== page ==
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Tim Brown
Tim Brown, GP
Category: Medical
Satisfied Customers: 4077
Experience:  GP in Sussex
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Essential thrombocythemia, Yes. None. platelets count 859

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JA: Hi. How can I help?
Customer: essential thrombocythemia
JA: Have you seen a doctor about this yet? What medications are you taking?
Customer: Yes. None.
JA: Is there anything else the Doctor should know before I connect you? Rest assured that they'll be able to help you.
Customer: platelets count 859
Customer: replied 16 days ago.
I have been diagnosed with Essential Thrombocythemia. Current platelets count is 859. I will have a biopsy done next week, Tuesday. I’ve been told that i will not be given any treatment because my platelets count is not “crazy high” enough. The reason I’m having the biopsy is to have more information in my bone marrow if something would change and my count would go “crazy high”, but I would be kept under observation with regular meetings. My next appointment to see them is at the end of July. My question is, are they washing their hands on me? I know the treatment is expensive as a foreigner, I wouldn’t be on top of NHS’s priorities. But, i have the feeling that this might be the case here.
Customer: replied 16 days ago.
as a foreigner. The chat seems to be a bit buggy
Customer: replied 16 days ago.
Male, 28 years old

Good afternoon, I am Dr Ruff, thank you for

I am sorry to hear of this. With the NHS you are either entitled to treatment or they charge you. They certainly wouldn’t hold back on your status in the country. So I wouldn’t worry about this. Why do you think this if you don’t mind me asking?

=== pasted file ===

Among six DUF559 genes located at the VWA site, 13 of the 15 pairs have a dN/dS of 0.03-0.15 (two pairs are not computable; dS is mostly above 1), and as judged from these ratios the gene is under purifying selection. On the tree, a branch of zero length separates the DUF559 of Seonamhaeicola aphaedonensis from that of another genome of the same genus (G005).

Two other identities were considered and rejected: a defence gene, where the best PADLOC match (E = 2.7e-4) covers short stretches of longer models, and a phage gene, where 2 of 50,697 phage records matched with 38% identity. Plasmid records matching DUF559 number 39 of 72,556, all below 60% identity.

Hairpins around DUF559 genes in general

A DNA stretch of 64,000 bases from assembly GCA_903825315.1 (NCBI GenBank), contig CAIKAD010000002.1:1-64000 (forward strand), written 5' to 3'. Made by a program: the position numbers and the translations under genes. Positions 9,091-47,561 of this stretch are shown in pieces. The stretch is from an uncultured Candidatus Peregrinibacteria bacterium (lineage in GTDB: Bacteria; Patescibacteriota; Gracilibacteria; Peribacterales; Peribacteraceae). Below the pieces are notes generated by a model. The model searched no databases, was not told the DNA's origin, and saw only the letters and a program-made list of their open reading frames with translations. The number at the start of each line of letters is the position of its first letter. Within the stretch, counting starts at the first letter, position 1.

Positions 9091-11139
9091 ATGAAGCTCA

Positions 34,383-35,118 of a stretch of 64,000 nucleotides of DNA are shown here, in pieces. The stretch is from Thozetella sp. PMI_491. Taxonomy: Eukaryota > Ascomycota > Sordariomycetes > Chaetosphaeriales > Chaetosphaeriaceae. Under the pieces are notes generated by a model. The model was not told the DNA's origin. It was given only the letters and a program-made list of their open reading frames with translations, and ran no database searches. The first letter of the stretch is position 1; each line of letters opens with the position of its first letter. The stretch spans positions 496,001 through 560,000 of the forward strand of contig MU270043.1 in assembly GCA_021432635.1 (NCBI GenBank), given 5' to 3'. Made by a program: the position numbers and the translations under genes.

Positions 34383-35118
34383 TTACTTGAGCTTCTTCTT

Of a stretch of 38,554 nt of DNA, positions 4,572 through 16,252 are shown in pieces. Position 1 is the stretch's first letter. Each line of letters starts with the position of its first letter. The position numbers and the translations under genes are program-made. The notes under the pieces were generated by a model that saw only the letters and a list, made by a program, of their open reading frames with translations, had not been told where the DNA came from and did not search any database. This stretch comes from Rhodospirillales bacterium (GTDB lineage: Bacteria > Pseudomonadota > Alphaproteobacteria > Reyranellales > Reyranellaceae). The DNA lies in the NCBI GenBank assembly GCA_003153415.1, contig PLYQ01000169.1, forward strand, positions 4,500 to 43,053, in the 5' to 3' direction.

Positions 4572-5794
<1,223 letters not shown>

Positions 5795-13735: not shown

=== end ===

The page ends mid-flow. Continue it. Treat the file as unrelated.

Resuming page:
Customer: replied 16 days ago.
8220;We are not washing our hands on you” that’s what they said when we sat down and talked, last week, Thursday. And if i’d get to 1500 platelets count, they would look into it. Into giving me treatment or not (even then, if it would happen). But shouldn’t i get treated regardless?
Customer: replied 16 days ago.
What doctor would say to a patient that just got his cancer diagnosis, that treatment wouldn’t be given as it is not yet required due to not “crazy high” enough platelets count, and to not think that they are trying to wash their hands on him? It’s the use of those words that made me worry and think this might really happen.

I see. So this is due to it likely a long term chronic condition, one which requires monitoring and not treatment unless it does progress and cause symptoms, which is rare.

Often haematologists will discharge patients and allow this just to be monitored annually in primary care.

It is understandable for you to worry, I suspect this is more down to communication, but not a reflection of your care and management.

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